- The definition of understanding is showing comprehension of a subject, or compassion or sympathy for another person.
- An example of understanding is a person who is very smart in math.
- An example of understanding is a teacher who shows sympathy for her students' difficulties.
- Understanding is defined as the process of comprehending or the knowledge of a specific thing or practice.
- An example of understanding is the state of absorbing facts about a scientific study.
- An example of understanding is having strong knowledge in math.
- the mental quality, act, or state of a person who understands; comprehension, knowledge, discernment, sympathetic awareness, etc.
- the power or ability to think, learn, judge, etc.; intelligence; sense
- a specific interpretation or inference: one's understanding of a matter
- mutual comprehension, as of ideas, intentions, etc.
- a mutual agreement, esp. one that settles differences or is informal and not made public
- a. The ability by which one understands; intelligence: concepts that are beyond the understanding of a child.b. The quality or condition of one who understands; comprehension: Do you have much understanding of calculus? See Synonyms at reason.
- Individual or specified judgment or outlook; opinion: In my understanding, this is a good plan.
- A usually implicit agreement between two or more people or groups: an understanding between neighbors over late-night noise.
- A disposition to appreciate or share the feelings and thoughts of others; sympathy: Can't you show some understanding for the poor child?
(countable and uncountable, plural understandings)
- (uncountable) Mental, sometimes emotional process of comprehension, assimilation of knowledge, which is subjective by its nature.
- (countable) Reason or intelligence, ability to grasp the full meaning of knowledge, ability to infer.
- (countable) Opinion, judgement or outlook.
- According to my understanding, the situation is quite perilous. I wonder if you see it this way, too.
- (countable) An informal contract, mutual agreement.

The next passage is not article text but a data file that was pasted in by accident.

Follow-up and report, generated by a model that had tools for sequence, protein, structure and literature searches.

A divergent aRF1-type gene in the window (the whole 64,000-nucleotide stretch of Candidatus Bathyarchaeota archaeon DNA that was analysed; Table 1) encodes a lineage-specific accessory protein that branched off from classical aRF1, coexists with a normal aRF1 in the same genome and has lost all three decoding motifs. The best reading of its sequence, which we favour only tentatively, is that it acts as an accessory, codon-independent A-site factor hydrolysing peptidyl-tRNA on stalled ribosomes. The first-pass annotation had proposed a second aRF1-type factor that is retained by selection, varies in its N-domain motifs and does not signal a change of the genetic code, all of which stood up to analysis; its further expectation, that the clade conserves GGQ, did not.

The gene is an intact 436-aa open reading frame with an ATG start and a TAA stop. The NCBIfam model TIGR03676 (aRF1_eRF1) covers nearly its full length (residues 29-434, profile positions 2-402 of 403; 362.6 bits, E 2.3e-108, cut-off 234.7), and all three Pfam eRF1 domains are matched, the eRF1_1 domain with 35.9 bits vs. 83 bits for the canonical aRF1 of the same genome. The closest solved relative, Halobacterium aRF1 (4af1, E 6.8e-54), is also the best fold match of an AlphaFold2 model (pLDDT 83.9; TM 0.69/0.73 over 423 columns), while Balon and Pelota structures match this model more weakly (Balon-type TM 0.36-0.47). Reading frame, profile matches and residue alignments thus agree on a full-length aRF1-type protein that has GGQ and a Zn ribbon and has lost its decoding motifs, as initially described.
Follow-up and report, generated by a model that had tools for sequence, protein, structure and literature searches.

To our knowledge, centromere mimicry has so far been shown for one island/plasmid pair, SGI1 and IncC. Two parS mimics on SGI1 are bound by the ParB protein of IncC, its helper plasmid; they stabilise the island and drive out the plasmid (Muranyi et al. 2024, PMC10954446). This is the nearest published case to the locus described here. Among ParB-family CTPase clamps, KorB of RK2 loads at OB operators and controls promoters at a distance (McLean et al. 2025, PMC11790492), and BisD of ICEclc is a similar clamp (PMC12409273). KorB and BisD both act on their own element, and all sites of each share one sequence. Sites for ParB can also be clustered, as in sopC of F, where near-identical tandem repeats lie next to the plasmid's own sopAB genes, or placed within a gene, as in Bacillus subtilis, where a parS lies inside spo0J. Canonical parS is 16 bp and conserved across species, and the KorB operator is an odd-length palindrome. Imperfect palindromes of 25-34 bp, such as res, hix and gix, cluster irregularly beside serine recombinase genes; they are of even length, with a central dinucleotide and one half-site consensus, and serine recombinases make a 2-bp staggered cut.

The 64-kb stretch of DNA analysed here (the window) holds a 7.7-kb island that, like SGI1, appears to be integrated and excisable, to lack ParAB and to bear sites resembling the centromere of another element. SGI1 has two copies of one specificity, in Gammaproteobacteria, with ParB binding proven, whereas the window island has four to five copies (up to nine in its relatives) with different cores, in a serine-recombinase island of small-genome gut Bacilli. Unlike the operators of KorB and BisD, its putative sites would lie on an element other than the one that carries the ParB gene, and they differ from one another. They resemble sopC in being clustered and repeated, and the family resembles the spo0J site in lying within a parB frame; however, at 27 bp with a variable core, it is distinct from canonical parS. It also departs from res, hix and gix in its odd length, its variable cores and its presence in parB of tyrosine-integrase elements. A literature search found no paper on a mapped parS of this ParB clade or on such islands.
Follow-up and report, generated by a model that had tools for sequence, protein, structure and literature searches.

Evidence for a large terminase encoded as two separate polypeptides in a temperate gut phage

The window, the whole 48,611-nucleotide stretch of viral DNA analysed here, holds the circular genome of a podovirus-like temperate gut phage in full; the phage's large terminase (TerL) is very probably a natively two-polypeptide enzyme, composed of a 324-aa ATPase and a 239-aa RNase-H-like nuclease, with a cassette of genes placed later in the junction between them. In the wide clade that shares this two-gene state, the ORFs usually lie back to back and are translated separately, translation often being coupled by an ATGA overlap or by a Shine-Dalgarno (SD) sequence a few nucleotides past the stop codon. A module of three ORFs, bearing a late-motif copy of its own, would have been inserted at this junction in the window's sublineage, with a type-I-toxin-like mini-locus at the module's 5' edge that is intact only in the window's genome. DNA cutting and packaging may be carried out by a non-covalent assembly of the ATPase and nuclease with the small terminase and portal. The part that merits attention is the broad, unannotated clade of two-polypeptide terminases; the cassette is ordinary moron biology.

- I thought we had an understanding - you do the dishes, and I throw the trash.
- (countable) A reconciliation of differences.
- The parties of the negotiation have managed to come to an understanding.
- (uncountable) Sympathy.
- He showed much understanding when he found out of my troublesome familial history.
- All that people individually sense and feel of themselves.
(comparative more understanding, superlative most understanding)
- Showing compassion.
- Present participle of understand.
Variant of understand
transitive verbunderstood, understanding
- to get or perceive the meaning of; know or grasp what is meant by; comprehend: to understand a question
- to gather or assume from what is heard, known, etc.; infer: are we to understand that you want to go?
- to take as meant or meaning; interpret: to understand his silence as refusal
- to take for granted or as a fact: it is understood that no one is to leave
- to supply mentally (an idea, word, etc.), as for grammatical completeness
- to get as information; learn
- to know thoroughly; grasp or perceive clearly and fully the nature, character, functioning, etc. of
- to have a sympathetic rapport with: no one understands me
Origin of understandMiddle English understanden ; from Old English understandan, literally , to stand among, hence observe, understand
- to have understanding, comprehension, sympathetic awareness, etc., either in general or with reference to something specific
- to be informed; believe: he is, I understand, no longer here